We have a setup in which our users log into an access database using MS Access 2003 over an RDP connection. The backend database (.mdb) is accessed by our users with their frontend database (.mde) and secured through a security database (*.mdw).

The user's login to their own machines first using a roaming profile. They then click an rdp connection file on the desktop and login to the remote server, via RDP, where they use MS Access as the shell; they don't have any access to any of explorer.exe features such as the start menu.

The database they are logging into is more of an application, and provides functionality for entering data, querying data, and running reports via form based menus. It all worked pretty well until we split the database as it was nearing 2GBs in size.

We moved out the payroll data into a separate partition, a database with the same name in a different folder, both of them on the server. Only two tables were moved into this new database partition, and they were re-linked as external tables in the new partition.

Now while everything appears to be working fine data-wise after the split, there's a new issue when our users login via RDP and attempt to run reports: often the report will not display and instead the user sees an error about the click event of the form. At first I didn't even know it was printer-related, as we didn't really change anything related to the printers as far as I knew.

Confused about the error, I talked to the guy who previously worked here and who was in charge of splitting the database, and he told me to tell the users to set their default printers (on their local machines, not on the server) to the "printer" Microsoft XPS Document Writer which isn't a physical printer at all. This allowed the user's to display their reports, but if they want to print out reports, they are required to go to the File menu and select Print, clicking the print icon on the toolbar takes them to a Save As... dialog as would be expected when using the Microsoft XPS Document Writer as your default printer.

It's easy to tell if the user is having a problem because a quick mouseover of the printer icon will yield a tooltip of (none) when they cannot access their reports, and a tooltip of Microsoft XPS Document Writer when they can view the reports. If the user's printer is set to anything other than Microsoft XPS Document Writer as the default on their local machine, then (none) is always displayed when they rdp to the database. The RDP settings are setup to transfer the local printer to the server.

Telling the users to do this to print has been more of a band-aid on the whole situation until we find a better solution and an explanation as to why splitting a database would prevent users from printing or even viewing access database reports. Which is why I'm here asking this question.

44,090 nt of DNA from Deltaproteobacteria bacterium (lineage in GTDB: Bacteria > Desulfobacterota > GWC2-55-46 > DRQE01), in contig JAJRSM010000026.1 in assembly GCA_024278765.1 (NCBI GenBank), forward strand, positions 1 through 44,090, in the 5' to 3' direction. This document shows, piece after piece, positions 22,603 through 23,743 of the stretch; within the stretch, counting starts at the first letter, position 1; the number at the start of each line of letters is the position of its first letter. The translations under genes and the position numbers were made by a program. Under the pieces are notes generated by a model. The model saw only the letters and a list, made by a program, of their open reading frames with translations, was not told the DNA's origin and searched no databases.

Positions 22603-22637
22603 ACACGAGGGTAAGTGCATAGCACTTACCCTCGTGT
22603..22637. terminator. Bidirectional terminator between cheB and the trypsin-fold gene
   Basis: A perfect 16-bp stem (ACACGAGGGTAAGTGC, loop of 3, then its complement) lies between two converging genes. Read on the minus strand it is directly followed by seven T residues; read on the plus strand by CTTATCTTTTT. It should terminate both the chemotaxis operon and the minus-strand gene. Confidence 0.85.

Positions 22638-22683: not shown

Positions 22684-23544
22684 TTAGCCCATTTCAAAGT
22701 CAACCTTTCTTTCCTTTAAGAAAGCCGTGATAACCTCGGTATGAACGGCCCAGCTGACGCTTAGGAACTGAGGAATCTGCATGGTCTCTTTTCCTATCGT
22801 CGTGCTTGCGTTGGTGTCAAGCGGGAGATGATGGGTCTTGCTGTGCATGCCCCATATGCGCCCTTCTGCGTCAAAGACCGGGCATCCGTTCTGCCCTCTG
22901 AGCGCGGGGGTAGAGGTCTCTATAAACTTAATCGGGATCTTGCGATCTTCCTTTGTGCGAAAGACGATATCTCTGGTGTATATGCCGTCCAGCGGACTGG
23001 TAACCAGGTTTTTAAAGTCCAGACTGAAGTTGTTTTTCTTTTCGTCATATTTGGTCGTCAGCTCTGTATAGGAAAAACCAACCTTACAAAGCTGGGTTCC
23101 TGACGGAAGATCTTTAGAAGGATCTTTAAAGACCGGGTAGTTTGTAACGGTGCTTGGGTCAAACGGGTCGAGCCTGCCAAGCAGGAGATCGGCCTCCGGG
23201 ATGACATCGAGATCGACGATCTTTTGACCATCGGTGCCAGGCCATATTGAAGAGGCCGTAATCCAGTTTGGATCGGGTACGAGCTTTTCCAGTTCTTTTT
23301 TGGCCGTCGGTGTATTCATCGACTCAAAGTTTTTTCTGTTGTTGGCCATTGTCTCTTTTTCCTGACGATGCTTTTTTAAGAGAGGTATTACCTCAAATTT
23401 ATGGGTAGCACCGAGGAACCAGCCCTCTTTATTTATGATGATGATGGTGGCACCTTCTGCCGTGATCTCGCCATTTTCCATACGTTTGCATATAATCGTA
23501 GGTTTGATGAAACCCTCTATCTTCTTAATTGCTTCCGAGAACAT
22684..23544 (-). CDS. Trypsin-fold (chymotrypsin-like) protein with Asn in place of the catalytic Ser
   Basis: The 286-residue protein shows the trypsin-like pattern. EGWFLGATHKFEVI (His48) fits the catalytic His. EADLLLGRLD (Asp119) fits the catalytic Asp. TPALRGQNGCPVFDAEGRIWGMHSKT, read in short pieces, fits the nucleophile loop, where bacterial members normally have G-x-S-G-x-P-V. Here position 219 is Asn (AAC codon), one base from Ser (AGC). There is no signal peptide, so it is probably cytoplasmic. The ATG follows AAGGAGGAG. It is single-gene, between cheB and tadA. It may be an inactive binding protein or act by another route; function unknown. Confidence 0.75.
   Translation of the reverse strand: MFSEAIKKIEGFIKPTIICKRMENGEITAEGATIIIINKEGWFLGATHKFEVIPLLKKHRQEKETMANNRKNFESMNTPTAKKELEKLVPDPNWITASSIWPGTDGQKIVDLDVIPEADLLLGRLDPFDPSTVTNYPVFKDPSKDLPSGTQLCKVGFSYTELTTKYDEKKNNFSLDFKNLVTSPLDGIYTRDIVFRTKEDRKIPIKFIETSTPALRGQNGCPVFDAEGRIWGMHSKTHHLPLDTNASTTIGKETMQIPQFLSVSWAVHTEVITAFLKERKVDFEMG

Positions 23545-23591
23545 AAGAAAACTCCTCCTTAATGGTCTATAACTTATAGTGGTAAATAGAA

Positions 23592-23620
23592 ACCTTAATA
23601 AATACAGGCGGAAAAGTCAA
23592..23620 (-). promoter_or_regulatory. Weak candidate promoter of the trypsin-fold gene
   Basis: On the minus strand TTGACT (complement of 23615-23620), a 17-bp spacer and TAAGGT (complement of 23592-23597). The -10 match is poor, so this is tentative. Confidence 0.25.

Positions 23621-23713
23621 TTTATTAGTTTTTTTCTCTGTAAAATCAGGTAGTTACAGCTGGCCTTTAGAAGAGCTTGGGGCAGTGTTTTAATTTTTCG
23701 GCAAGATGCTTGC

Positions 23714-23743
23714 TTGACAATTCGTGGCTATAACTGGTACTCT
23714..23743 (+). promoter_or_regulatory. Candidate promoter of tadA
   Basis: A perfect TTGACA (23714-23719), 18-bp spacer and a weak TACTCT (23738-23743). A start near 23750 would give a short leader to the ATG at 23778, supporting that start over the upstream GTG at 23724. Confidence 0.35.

Also of note all the printers on the network now show up on the server so that when the users do click File->Print to print their reports on a physical printer, they have to look through a huge list of printers to find theirs in the dropdown. So the little band-aid fix we have is not ideal. Previously, only the printers on the user's local machine displayed here, and not all the printers on the network.

My co-worker seems to think this has something to do with permissions, I personally think it has to do with roaming profiles, and Group Policies which is what I've been reading up on.

I really don't know how to fix this or how it is related to splitting the database.

  • 1
    USING an Access database usually causes worse issues than printing and reporting problems. Count yourself lucky, and beat the Access "DBA" with the nearest hard, blunt object until he'll convert it to use a real database, like MySQL or MSSQL Server Express. Sep 13, 2012 at 0:41

2 Answers 2


Access requires a default printer before it can open reports (design/print/preview). It sounds like your problem is more printers and server configuration than splitting the database. I have also run into rare cases where particular printer drivers would cause Access reports to fail.

From your description of the problem it sounds like they don't have a default printer selected which is causing the failure.

Do your users print at all? If they do then the drivers are setup on the server and their printer gets mapped so why not let them default their normal printer? Not knowing anything about your setup though that is a blind guess.

  • We've been telling them to set their default printers on their local machines to "Microsoft XPS Writer" and that appears to get rid of the issue; but then the users are forced to search for the printer they normal use when they actually do want to print. In their .rdp file we have them go to "Local Resources->Local Devices and resources->Printers" and check it off, so that it carries the default "Microsoft XPS Writer" printer over to the server when they RDP in.
    – leeand00
    Sep 28, 2012 at 14:51

It sounds much more like someone has also made a change to the TS server's published app settings governing printers.

The only way I can think that splitting the DB would do this would be, if the former MDB had some logic to restrict/set the printers and after the split, you're using a new front-end MDB that doesn't have the same logic. However, from your description, the users are still using the same MDB for their front-end, with only a couple of tables that are now links to a new back-end MDB file.

  • You're right, people do use frontends (.mde) files to access the backend. I have no way of telling what is in the backend (.mdb) as far as code.
    – leeand00
    Sep 12, 2012 at 14:48

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